[Before I launch into the statistics, I want to urge you to watch the YouTube video at the bottom of this post. It’s a beautiful testament to the scientific method. In it, a scientist proves Darwin right on a hypothesis that, when Darwin was alive, earned him ridicule. The proof took 150 years to come to light – and it does so in that video.]
The crisis in scientific illiteracy should be a well-known fact to educated Americans, but just in case, a few statistics from the University of Chicago‘s National Opinion Research Center’s 1991-93 International Social Survey Program (ISSP):
- Percentage Saying “I know God exists and I have no doubts about it”
- United States: 62.8% – ranks 3rd under the Philippines and Poland. (Britain, by comparison, ranks 13th at 23.8%, and even Israel is less certain about this “knowledge,” at 43%, than the U.S.)
- Percentage Saying They Definitely Believe “The Bible is the actual word of God and it is to be taken literally, word for word”
- United States: 33.5% – ranks 3rd, again under the Philippines and Poland. (Again, Britain, by comparison, ranks 17th at 8%, and Israel ranks 6th at 26.7%.)
- Percentage Saying They Definitely Believe in “The Devil”
- United States: a whopping 44.5% – ranks 1st, this time, right above the Philippines and Poland. (Britain, by comparison, ranks 10th at 12.7%, and Israel ranks 11th at 12.6%.)
- Percentage Saying They Definitely Believe in “Hell”
- United States: a whopping 49.6% – ranks 1st, again, right above Northern Ireland and the Philippines. (Britain, with 12.8%, ranks 10th, while Israel ranks 5th at 22.5%.)
- Percentage Saying They Definitely Believe in “Religious Miracles”
- United States ranks first, at 45.6%, above Northern Ireland and Ireland. (Britain ranks 13th with 15.3%, and Israel ranks 7th with only 26.4%.)
I frame these statistics in terms of “scientific illiteracy” because it seems clear that a basic understanding of what we mean by “knowing” (as opposed to “having faith”) is lacking among those saying they “know God exists.” Similarly, those who “definitely believe” in the ontological reality of “the Devil,” “Hell,” and “Religious Miracles” betray a lack of understanding of what, in the International Baccalaureate program’s “Theory of Knowledge” class, we call “Justified True Belief.” (How is “definite” belief any different, subjectively, than believing we “know,” since “definite” implies no doubt?). Finally, the fundamentalist belief that every word of the Bible is “literally” true, as I read it, suggests a belief that the contradictory creation myths in that book’s first two pages (Genesis Books 1 and 2) are to be taken as scientific, cosmological explanations on the level of contemporary physics.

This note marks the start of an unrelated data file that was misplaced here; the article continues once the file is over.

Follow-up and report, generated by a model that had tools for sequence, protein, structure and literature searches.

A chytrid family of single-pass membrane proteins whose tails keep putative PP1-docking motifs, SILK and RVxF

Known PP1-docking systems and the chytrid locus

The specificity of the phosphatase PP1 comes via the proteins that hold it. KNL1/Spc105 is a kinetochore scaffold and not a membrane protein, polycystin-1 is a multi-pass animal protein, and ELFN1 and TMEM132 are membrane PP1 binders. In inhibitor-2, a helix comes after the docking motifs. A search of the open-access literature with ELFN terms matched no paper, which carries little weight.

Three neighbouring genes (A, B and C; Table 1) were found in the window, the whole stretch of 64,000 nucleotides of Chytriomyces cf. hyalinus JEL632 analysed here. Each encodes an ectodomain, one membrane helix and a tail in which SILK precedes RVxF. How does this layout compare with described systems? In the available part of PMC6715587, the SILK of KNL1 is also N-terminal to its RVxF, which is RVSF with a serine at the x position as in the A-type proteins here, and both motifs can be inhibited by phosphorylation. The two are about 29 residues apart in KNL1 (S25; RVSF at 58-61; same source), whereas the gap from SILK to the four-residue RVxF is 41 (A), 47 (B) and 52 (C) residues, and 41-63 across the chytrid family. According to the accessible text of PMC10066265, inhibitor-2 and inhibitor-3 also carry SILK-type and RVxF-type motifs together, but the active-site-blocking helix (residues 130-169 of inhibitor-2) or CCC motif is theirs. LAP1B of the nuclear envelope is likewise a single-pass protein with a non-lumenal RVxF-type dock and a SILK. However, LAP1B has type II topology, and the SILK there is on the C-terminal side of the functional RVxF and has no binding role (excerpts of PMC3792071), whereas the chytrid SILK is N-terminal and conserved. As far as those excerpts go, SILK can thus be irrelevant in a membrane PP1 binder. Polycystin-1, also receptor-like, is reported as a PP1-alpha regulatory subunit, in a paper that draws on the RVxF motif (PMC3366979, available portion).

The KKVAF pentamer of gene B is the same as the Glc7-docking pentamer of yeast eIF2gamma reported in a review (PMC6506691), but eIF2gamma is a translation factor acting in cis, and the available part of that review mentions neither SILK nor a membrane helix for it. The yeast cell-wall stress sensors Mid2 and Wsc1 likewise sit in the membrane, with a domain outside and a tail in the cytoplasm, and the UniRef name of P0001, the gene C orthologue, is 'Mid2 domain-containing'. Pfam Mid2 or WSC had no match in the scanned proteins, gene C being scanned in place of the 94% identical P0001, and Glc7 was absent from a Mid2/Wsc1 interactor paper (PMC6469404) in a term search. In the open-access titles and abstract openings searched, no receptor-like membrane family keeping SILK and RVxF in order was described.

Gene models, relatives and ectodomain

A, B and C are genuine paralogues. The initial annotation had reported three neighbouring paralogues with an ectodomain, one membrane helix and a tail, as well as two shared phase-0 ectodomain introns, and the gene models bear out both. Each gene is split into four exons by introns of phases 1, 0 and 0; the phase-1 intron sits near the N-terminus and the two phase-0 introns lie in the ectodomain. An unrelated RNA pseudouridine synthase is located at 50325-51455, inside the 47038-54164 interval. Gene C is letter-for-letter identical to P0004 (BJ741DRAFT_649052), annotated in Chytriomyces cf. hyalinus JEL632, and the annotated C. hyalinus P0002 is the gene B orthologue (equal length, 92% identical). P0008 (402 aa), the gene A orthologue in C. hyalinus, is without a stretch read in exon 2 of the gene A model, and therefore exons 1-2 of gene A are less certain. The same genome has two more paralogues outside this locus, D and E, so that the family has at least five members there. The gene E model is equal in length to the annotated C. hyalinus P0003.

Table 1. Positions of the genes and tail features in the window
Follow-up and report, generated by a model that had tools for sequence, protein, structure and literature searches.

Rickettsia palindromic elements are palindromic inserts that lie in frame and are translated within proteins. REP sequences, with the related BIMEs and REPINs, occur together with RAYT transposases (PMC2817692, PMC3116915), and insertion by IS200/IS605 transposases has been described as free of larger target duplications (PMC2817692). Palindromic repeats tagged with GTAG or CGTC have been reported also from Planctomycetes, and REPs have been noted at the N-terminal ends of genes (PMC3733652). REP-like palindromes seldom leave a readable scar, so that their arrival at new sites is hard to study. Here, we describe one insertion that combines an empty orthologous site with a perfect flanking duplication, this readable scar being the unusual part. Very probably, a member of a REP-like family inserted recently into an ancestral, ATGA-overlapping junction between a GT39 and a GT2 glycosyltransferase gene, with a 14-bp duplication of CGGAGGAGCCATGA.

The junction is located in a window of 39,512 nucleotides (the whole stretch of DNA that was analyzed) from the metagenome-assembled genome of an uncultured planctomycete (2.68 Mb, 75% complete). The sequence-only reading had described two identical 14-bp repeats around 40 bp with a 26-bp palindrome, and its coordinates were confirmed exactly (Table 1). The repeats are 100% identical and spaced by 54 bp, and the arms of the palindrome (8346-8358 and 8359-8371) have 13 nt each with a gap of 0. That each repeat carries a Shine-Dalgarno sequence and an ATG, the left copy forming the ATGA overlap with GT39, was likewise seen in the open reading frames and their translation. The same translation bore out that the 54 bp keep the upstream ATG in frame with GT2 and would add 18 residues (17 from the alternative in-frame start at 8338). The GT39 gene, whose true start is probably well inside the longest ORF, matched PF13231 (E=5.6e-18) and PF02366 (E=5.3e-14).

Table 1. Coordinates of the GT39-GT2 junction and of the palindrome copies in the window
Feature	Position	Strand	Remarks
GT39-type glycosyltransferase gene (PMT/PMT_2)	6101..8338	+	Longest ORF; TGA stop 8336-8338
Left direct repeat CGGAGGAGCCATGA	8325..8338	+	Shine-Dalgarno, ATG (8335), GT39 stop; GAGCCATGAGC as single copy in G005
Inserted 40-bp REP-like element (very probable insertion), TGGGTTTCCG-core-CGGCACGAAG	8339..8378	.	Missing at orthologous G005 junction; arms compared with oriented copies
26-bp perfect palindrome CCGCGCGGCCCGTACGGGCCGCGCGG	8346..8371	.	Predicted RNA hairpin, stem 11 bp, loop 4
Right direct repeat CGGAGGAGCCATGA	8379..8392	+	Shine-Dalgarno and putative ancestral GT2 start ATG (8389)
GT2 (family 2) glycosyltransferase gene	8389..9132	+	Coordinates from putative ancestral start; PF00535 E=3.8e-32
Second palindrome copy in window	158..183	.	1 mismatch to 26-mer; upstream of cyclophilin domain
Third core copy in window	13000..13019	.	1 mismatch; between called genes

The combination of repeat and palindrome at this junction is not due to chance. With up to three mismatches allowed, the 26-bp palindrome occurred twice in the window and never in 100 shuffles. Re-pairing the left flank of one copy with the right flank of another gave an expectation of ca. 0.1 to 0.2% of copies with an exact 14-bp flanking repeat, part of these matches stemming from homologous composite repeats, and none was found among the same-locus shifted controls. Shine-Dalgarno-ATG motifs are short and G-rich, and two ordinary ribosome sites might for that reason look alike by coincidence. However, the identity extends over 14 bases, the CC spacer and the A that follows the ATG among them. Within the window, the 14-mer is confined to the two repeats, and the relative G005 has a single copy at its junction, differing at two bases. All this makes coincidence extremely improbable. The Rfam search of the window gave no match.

The ISSP survey seems to corroborate my “scientific illiteracy” frame by including in its survey questions that measure each respondent’s understanding of basic evolutionary theory:
- Ranking of 21 Nations on Knowledge Question about Human Evolution:
The United States, as you can see, finished dead last out of 21 countries. A 44% grade on this national science test literally shows that America scores an “F” on its report card for science class. (Britain gets a C, and non-monotheistic Japan and then-Soviet satellite E. Germany score a solid B-. Remarkable, when you remember this is a survey of the general populace, and not just the educated elite.)
I know this data is 15 years old, but more recent data from 2005, as I’ve reported before, shows “that the United States ranks next to last in acceptance of evolution theory among  nations polled,” and “that the number of Americans who are uncertain about the theory’s validity has increased over the past 20 years.” We beat Turkey in that study, but Bulgaria beat us.